|This article is about the unit in Age of Empires III. For the unit in Age of Empires II, see War Wagon (Age of Empires II).|
“Hussite horse-drawn wagon outfitted with cannon.”—In-game description
The War Wagon is a ranged gunpowder cavalry unit in Age of Empires III that is unique to the Germans, replacing the functions of the Dragoon. It is a horse-drawn wagon outfitted with two light cannons that becomes available at the Stable, Fort, and Galleon upon reaching the Fortress Age.
The War Wagon functions as the German mounted counter-cavalry (light cavalry) unit. Just as expensive as the French Cuirassier, the War Wagon has strong single target ranged damage with medium range, longer than a Musketeer.
The War Wagon has high siege damage, making it powerful against buildings, and have a melee resistance multiplier that most other cavalry do not have. War Wagons enjoy the benefit of a 3x damage multiplier against cavalry, which allows them to shred cavalry intense armies with ease. Fully upgraded Imperial War Wagons can easily shred Imperial melee cavalry in 3-4 hits and take down Mamelukes and Imperial Gendarmes in 6-7 hits.
There are two unique traits that War Wagons have compared to other ranged cavalry. One is their unusually high health (an unupgraded Imperial War Wagon has 900 hit points, while something like an Imperial Dragoon has half of that), which allows them to tank reasonably well against most sources of damage. Even though heavy infantry have bonus melee multipliers on them, the War Wagon's high health and 20% melee resistance can reduce the damage they deal onto them. The other unique trait is their extremely high ranged damage. An unupgraded Imperial War Wagon deals 79 ranged damage, and when fully upgraded (not including Native technology as it is not present in all maps), deals 88 damage instead. This allows War Wagons to function as ranged infantry just as well without suffering from the low health they usually have, as their damage is similar to that of Imperial Skirmishers, who are good against heavy infantry.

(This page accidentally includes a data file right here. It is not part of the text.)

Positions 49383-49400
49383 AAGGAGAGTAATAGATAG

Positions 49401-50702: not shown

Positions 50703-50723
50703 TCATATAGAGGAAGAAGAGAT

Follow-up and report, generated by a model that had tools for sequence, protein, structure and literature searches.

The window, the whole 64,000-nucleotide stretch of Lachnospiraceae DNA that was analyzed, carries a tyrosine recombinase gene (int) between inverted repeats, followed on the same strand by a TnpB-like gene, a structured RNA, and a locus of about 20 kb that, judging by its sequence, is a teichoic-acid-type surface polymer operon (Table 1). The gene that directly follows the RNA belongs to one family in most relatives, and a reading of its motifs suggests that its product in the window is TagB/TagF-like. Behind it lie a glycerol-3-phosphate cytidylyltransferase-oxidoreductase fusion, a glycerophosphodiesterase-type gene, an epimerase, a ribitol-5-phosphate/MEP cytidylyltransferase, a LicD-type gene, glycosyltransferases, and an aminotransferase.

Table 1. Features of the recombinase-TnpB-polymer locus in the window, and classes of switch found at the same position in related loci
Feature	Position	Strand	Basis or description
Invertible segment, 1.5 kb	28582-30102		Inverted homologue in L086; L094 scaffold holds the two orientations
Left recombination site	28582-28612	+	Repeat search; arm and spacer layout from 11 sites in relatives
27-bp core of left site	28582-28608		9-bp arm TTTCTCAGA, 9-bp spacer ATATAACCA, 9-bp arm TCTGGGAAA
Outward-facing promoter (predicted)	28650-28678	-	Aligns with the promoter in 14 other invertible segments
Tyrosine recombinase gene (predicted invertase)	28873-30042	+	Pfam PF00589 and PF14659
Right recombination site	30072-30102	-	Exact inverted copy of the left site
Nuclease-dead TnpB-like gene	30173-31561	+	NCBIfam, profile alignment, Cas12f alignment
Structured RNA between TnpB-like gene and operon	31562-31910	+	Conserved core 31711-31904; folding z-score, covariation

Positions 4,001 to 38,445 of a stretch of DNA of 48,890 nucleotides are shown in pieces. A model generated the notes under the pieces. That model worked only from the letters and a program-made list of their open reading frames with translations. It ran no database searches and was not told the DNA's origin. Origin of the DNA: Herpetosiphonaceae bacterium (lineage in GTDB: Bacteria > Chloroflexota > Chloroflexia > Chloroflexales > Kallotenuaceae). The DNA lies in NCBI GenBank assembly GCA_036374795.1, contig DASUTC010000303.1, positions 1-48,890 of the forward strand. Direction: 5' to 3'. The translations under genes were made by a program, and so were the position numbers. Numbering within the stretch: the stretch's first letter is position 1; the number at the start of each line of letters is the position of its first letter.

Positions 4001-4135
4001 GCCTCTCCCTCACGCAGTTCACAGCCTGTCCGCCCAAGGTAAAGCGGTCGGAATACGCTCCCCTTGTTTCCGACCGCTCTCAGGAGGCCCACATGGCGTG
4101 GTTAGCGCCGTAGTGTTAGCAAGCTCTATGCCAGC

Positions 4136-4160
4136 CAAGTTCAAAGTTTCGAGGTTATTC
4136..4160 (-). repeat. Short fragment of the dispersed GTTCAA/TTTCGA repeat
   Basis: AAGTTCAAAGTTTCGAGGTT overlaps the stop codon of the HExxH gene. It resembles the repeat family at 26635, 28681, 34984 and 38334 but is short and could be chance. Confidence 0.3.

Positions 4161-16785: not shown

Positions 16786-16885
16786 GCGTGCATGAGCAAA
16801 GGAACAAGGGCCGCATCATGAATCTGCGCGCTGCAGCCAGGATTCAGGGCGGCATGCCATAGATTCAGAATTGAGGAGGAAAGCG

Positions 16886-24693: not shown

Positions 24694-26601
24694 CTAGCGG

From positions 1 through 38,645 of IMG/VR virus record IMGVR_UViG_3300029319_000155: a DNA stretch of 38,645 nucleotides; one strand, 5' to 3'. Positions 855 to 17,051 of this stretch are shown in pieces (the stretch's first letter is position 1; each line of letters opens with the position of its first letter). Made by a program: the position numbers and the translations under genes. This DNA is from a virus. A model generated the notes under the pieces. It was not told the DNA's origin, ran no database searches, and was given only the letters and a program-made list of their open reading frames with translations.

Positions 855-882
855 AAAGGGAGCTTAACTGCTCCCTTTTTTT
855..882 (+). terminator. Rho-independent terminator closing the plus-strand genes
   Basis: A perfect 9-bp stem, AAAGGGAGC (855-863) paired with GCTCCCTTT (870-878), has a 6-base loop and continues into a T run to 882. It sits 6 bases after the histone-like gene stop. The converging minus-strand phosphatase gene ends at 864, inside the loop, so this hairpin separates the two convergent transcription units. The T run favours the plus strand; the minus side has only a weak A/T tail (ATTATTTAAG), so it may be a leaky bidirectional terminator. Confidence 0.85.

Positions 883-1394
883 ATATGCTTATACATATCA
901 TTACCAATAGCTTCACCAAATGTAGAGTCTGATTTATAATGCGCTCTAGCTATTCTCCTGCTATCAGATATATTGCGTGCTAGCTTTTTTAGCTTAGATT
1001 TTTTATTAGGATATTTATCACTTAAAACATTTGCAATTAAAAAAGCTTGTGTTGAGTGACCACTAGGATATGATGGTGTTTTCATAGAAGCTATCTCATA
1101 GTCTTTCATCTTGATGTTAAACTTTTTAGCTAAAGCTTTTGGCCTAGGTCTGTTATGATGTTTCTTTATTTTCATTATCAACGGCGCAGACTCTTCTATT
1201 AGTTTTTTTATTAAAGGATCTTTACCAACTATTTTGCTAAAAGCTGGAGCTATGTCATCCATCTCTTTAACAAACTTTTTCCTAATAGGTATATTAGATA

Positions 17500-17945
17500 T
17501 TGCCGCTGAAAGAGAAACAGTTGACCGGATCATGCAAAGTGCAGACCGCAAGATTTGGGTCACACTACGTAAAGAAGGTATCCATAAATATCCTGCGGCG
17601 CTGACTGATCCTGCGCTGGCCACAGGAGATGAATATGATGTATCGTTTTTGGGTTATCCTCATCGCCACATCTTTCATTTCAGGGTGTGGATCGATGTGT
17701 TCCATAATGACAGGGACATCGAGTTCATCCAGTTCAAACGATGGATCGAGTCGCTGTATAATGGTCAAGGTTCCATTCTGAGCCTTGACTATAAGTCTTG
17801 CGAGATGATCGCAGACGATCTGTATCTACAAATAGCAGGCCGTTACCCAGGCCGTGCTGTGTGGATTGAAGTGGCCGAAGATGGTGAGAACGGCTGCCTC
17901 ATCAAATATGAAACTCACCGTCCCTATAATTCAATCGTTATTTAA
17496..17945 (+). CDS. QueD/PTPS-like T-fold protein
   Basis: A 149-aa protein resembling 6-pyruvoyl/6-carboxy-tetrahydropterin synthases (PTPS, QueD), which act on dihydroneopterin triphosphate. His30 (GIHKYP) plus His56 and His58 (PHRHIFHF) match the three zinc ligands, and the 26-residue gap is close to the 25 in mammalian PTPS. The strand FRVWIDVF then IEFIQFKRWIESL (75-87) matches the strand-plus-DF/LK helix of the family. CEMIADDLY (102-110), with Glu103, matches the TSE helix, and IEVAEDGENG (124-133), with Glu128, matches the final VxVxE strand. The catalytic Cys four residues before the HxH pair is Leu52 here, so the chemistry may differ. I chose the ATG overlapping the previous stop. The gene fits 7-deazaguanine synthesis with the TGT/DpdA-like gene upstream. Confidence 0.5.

However, the War Wagon possess somewhat slow speed and attacks slowly, as they shoot off light cannons and not from pistols. This can make it rather hard to perform hit-and-run attacks with them. War Wagons are also expensive, costing 150 food and coin, in addition to occupying 3 population slots. This will severely limit the variety in the player's armies if they train a large number of War Wagons for units to help defend them from enemy rushes.
With all hit point improvement upgrades (Commnche) and cards (Indian and Russian allies), the Imperial War Wagon is the ranged cavalry with the highest hit points, 1,175.
The War Wagon starts as Veteran, although it does not get extra hit points and attack.
|Guard War Wagons||600 wood,|
|Upgrades War Wagons to Guard (+30% hit points and attack)|
|Imperial War Wagons||1,500 wood,|
|Upgrades War Wagons to Imperial (+50% hit points and attack); requires Guard War Wagons|
Civilization differences Edit
- John Black's Mercenaries can only upgrade War Wagons to the Guard level.
Further statistics Edit
|Unit strengths and weaknesses|
|Strong vs.||Heavy cavalry, light infantry, artillery|
|Weak vs.||Heavy infantry, ranged infantry, light cavalry|
|Hit points|| Comanche Horse Breeding (+10%)|
Cree Tanning (+5%)
Navajo Weaving (+5%)
|Attack|| Ranged Cavalry Caracole (+10%)|
Smokeless Powder (+30% siege attack)
|Range||Ranged Cavalry Caracole (+2)|
|Sight|| Town Watch (+2)|
Ranged Cavalry Caracole (+2)
|Speed|| Comanche Mustangs (+10%)|
Apache Endurance (+5%)
|Creation speed|| Mass Cavalry (-50%)|
Cheyenne Horse Trading (-25%)
Incan Chasquis Messengers (-25%)
|Train cost||Mapuche Ad-mapu (-10% coin cost)|
|Other||Meritocracy (-20% upgrade cost)|
Home City Cards Edit
|Click for a list of Home City Cards related to the War Wagon|
Green: TEAM Shipment that is sent to each player in a team
“These fortified carts were used to great effect by the infantry armies of the Hussites, followers of the Czech religious reformer John Huss (Jan Hus), who was excommunicated and burned at the stake early in the fifteenth century. John Zizka lead the Hussite forces against the armies of Holy Roman Emperor, Sigismund. His army was largely comprised of peasants, and Zizka developed new tactics to suit the farm-grown sensibilites of his untrained soldiers. They armored farm wagons, used flails and pitchforks, and a number of howitzer artillery pieces. The armored wagons moved in trains and would circle up, forming an overlapping impromptu fortress from which they would fire their artillery baiting opposing armies into a response. The wagons could also be used in offense, charging into ranks of soldiers and knights, loaded with men firing into the groups of knights and infantry. When Zizka died, his skin was made into a drum used to summon Hussites to battle. The Hussite revolution, however, was eventually put down.”